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Daisy Manufacturing Co. v. NCR Corp.

29 F.3d 389 (1994)

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Daisy Manufacturing Co. v. NCR Corp.

United States Court of Appeals for the Eighth Circuit

29 F.3d 389 (1994)

Facts

Daisy Division Victor Comptometer Corporation (Daisy Division) contracted with NCR Corporation (NCR) (defendant) as a customer for equipment and maintenance services. The agreement contained an arbitration provision stating that any controversy related to the agreement, or an agreement the parties later entered into, would be settled by arbitration. NCR typically signed such documents at the outset of a commercial relationship with a customer. For orders with Daisy Division, both companies used the names Daisy Manufacturing Co. and Daisy Manufacturing Co., Inc. interchangeably. Several years later, Daisy Manufacturing Company, Inc. (Daisy Manufacturing) (plaintiff) was formed and purchased the assets of Daisy Division, continuing the business relationship with NCR. Daisy Manufacturing did not tell NCR about the change in companies and did not attempt to correct the company designation on forms. Daisy Manufacturing ordered a computer system from NCR. The purchase order included two checkboxes next to statements indicating that the order would be subject to either the terms of the parties’ customer agreement or those listed on the order, which included an arbitration provision. Daisy Manufacturing did not check either box. Daisy Manufacturing experienced problems with the computer system and filed suit in federal district court for breach of contract. Citing the arbitration provision, NCR moved to stay the proceedings and compel arbitration under the Federal Arbitration Act (FAA). The district court denied the motion. The court found that Daisy Manufacturing was a separate entity from Daisy Division and was not bound by Daisy Division’s customer agreement. The court also found that because Daisy Manufacturing did not check the boxes on the purchase order, it was not bound by the order’s terms. NCR appealed to the United States Court of Appeals for the Eighth Circuit.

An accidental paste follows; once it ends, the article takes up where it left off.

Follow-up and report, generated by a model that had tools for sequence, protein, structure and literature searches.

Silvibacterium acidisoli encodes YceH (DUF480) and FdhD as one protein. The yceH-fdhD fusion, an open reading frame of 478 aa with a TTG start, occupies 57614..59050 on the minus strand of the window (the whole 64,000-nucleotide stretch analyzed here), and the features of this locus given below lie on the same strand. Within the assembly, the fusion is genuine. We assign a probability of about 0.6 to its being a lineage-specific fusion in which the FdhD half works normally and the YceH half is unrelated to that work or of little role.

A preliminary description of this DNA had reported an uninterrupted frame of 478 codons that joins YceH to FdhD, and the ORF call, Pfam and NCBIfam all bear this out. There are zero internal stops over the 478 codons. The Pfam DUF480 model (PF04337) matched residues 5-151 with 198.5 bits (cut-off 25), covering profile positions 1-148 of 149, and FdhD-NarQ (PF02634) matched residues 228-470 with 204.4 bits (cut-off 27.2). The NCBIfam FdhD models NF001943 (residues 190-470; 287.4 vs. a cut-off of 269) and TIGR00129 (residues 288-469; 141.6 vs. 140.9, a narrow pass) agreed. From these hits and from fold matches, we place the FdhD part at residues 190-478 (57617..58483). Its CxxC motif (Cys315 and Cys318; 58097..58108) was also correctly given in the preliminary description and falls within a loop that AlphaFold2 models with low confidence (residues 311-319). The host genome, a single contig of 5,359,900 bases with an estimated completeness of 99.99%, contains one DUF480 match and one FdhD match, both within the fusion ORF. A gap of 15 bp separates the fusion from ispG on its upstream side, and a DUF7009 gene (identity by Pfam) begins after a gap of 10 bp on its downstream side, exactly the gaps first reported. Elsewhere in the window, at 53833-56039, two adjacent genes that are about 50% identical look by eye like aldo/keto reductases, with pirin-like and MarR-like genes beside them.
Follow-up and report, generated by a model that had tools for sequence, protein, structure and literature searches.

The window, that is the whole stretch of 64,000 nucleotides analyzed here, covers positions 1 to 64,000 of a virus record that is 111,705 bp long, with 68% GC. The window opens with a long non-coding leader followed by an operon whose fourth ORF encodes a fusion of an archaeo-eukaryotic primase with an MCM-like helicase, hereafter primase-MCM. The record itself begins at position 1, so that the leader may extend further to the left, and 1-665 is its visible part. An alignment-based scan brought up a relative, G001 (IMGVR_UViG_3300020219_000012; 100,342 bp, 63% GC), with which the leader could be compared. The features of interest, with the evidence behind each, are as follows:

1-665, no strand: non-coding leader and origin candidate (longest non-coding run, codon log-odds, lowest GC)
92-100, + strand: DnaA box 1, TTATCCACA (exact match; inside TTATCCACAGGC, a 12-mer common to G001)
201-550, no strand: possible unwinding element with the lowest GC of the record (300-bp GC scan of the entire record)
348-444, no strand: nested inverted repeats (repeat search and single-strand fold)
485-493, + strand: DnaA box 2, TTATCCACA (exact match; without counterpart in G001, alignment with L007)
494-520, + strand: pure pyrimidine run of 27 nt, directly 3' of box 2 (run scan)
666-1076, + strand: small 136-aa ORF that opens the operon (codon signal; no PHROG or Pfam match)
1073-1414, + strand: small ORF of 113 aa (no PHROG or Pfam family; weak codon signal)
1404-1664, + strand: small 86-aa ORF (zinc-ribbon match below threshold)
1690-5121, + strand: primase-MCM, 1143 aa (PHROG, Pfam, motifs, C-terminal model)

Rule of Law

Issue

Holding and Reasoning (Friedman, J.)

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